I cannot speak directly about Nova's handling with a straight axle, but I do have some experience with solid front axle setups.
I had a '40 Willys coupe I built with a 4" dropped front tube axle. It ran coilovers and had a new Flaming River Vega steering box. It was a rear steering setup and had your normal drag link and tie rod setup.
I changed a few things trying to reduce the angle of the drag link from the pitman arm to the right front steering arm. The flatter the drag link is at normal ride height, the less the bumpsteer.
Most kits today have one lower steering arm on each side. The right side steering arm usually has two holes. The inside one is for the tie rod from arm to arm and the rear hole is for the drag link to attach.
What I did on my Nomad Gasser was I purchased a second steering arm and mounted it to the top two bolts on the spindle. This let me run the drag link above the front leaf spring and the drag link was parallel with the tie rod and had I kept the Nomad and not sold it, it would have been a pretty good handling car, considering it was a straight axle setup.
Dan's '55 Nomad Gasser Pictures
Here are some pictures of the work I did on the Nomad and front straight axle.
The axle kit I had on the Nomad came from Bill Merlock in Arcadia CA. He's been making straight axle kits since the '60s and came highly recommended. At the time I did the Nomad there was only one other available, MAS up in MN and they did not have a good rep for larger cars.
Bill had a great kit and his tube was the same as most others now, but when he made the tube and prior to welding on the kingpin housings, he took a piece of 3/8" bar stock and pressed it into the end of the tube all the way through to the other end. This bar stock now turned the round tube kind of into an "I" beam. He said that for the weight of a '55 Chevy, you do not want to bend your tube axle. I thought that was a great idea and the thing that sold me on him as my vendor. He also worked with me on extra parts like steering tubes that I could tap myself and make my own steering links.
On my Willys, which I drove 16k miles in two summers including one 6300 mile trip from MI to CA via Bonneville, it handled and drove very well. This car only had a 100" wheel base and was a bit choppy, but even a IRS front end with 100" wheel base and my weight distribution would have been a bit rough.
I set it up with caster only as the camber cannot be set without a frame machine. So if it's built with the kingpins at the correct angle, caster is all you have. Okay, you still have toe in to adjust, but every car has toe in, not just straight axle setups.
I played with the caster and finally ended up with 6 degrees positive. This allowed it to track great going down the road and I found it was easy enough to steer. There several times during my 6300 mile trip that I was well over 120 mph and it never once gave me any indication of looseness or that it was not stable at that speed.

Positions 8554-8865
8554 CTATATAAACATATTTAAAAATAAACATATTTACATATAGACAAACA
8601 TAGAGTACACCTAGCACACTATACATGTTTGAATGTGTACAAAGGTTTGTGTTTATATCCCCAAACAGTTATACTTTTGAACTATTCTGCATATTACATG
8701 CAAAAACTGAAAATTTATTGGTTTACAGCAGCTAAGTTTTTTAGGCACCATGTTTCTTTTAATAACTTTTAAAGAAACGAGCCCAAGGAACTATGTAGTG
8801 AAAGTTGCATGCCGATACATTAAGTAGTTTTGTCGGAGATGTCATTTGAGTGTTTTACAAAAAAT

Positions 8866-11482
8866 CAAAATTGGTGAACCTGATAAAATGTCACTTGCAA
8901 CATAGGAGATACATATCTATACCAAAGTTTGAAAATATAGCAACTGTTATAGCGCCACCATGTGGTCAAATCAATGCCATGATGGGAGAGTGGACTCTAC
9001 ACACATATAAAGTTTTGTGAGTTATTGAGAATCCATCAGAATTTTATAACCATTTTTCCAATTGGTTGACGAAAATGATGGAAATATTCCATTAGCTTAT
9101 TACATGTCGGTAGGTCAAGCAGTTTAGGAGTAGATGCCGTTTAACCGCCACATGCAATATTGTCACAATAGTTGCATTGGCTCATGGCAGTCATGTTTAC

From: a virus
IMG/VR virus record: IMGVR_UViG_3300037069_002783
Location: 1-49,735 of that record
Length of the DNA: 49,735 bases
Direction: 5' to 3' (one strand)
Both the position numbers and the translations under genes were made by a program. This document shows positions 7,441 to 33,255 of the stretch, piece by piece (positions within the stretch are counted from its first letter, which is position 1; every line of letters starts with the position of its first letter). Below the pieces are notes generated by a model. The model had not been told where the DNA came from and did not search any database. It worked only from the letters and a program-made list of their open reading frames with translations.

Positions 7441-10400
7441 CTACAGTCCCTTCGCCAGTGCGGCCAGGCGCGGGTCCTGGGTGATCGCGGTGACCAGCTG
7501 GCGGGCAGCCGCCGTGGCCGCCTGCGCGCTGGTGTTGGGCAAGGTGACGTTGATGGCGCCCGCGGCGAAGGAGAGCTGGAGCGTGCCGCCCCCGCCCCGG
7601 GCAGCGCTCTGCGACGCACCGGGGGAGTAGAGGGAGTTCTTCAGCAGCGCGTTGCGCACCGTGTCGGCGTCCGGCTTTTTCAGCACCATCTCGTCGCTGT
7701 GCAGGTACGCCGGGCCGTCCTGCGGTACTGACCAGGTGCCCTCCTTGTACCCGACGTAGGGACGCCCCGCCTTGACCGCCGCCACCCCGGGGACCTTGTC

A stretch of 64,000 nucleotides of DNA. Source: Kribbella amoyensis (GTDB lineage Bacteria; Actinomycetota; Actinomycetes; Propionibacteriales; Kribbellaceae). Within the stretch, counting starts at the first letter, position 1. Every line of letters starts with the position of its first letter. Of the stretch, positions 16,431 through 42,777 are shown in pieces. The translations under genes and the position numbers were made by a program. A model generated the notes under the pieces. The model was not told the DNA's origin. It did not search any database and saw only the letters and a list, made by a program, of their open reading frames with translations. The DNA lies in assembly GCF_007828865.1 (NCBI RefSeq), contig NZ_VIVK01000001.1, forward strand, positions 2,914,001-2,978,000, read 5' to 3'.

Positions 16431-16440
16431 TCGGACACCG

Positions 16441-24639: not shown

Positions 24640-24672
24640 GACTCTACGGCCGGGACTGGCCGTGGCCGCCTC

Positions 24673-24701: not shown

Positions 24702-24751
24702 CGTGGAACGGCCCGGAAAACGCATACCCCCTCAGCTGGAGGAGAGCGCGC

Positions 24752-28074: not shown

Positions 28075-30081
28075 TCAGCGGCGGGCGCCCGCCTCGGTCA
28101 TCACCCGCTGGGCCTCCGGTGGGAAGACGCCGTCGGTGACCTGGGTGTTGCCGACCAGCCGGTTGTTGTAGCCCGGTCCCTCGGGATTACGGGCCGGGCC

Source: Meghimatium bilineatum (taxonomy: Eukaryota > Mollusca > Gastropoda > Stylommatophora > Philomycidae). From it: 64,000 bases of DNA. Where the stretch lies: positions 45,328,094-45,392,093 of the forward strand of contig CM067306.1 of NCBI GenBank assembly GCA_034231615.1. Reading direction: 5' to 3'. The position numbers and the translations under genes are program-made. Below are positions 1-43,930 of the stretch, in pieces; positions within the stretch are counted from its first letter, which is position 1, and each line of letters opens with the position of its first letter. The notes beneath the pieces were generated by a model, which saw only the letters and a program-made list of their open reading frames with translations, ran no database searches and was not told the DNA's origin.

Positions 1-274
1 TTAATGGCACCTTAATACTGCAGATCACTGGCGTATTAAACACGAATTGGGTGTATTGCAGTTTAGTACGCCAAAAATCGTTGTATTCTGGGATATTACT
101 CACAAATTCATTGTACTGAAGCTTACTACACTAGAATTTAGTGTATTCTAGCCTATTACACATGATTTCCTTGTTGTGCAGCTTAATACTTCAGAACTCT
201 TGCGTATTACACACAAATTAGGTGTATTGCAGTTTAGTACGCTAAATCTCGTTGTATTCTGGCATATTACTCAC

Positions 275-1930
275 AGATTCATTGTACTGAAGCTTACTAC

So after that experience I felt the Nomad would be a good candidate for a gasser. With an additional 15" wheel base over the Willys, it should have riden quite nicely, relatively speaking...
I would not hesitate to do a Nova gasser and that is exactly my plan on my '62. Also if you flip the steering to the front, you can get the steering linkage out of the way of the pan. I would also use the Flaming River box as it was very easy to setup.
As a side note on steering boxes. When setting up my Nomad from scratch wtih the Flaming River Vega box, it had about 3.5 turns lock to lock. When I started to do the setup with the pitman arm and steering linkage, I took whaterver the exact turns lock to lock were and split the difference. That then became my straight ahead steering setting. I notied that with the frontend off the ground, it was a bit loose in the center and if I turned it about 1/4 turn it got a bit stiffer, or it had a tighter feel. The other direction off center by a 1/4 turn did not give the same feel. I called Flaming River and they set me straight. They said that "ALL" boxes have a slight high grind that is usually at center or just a bit to one side or the other. This high grind is the slightly tighter feel that I felt. They told me to move my straight ahead to the tighter spot and adjust from there accordingly.
Most of the straight axle frontend kits do not have spindle hard stops to stop the spindles in the lock left or lock right position. These will have to be made up and welded in when you have the frontend all setup. You want the spindles to stop in full turns, not the steering box.
Okay, that got WAY out of hand with my original "short" thoughts. Sorry for the rambling again, again, again, sorry!!!
If you have any questions that I might be able to help you with, let me know and do take a look at the Picture trail link to my photos. I also have about 100 more build pictures of the Nomad, but only uploaded the more relavent ones to my Picture Trail Nomad album.
Thanks for putting up with me...